8. Explain some of the important ways that people "do"gender in their daily interactions.
  9. Define sexism and explain how it is related to discrimination and patriarchy.
    • Sexism is the subordination of one sex, usually female, based on the assumed superiority of the other sex.
    • Sexism directed at women had three components: (1) negative attitudes toward women; (2) stereotypical beliefs that reinforce, complement, or justify the prejudice; and (3) discrimination � acts that exclude, distance, or keep women separate.
    • Patriarchy is reflected in the way men may think of their position as men as a given whereas women may deliberate on what their position in society should be.
  10. Trace gender stratification from early hunting and gathering societies until today.
    • Preindustrial
    • *Hunting and Gathering Societies
    • -Men hunt, women gather - both hunt when near
    • -A relatively equitable relationship exists because neither sex has the ability to provide all the food necessary for survival.
    • -Women are full economic partners with men; relations between them tend to be cooperative and relatively equalitarian.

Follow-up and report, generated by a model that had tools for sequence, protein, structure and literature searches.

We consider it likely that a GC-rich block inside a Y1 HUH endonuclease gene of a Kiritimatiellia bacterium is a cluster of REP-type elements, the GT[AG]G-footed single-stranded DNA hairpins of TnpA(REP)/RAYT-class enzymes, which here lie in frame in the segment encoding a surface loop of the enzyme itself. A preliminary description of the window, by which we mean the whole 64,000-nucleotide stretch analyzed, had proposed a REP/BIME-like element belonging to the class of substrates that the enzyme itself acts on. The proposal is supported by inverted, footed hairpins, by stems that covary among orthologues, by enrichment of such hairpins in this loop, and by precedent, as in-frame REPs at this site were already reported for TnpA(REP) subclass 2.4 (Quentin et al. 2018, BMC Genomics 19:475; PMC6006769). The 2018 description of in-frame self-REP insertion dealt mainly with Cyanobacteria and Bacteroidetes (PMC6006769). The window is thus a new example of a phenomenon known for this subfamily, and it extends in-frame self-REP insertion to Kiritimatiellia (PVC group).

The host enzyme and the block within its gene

• -Little social stratification of any kind is found because people do not acquire a food surplus.
    • *Horticultural and Pastoral societies
    • -A steady source of food becomes available; people grow their own food because of hand tools
    • -The domestication of large animal to provide food
    • -In some herding societies, women have relatively low status; primarily value is ability to produce males to preserve family lineage and have enough to protect group
    • -Fairly high degree of gender equality exists because neither sex controls the food supply
    • *Agrarian Societies
    • -Gender inequality and male dominance become institutionalized
    • -Reasons for increased gender inequality: private ownership of property, acquire surplus
    • -Importance of producing legitimate heirs to inherit the surplus increases and women's lives become more secluded and restricted as men attempt to ensure the legitimacy of their children. Premarital virginity and marital fidelity are required; indiscretions punished.
    • Industrial Societies
    • -Is one in which factory or mechanized production has replaced agriculture as the major form of economic activity.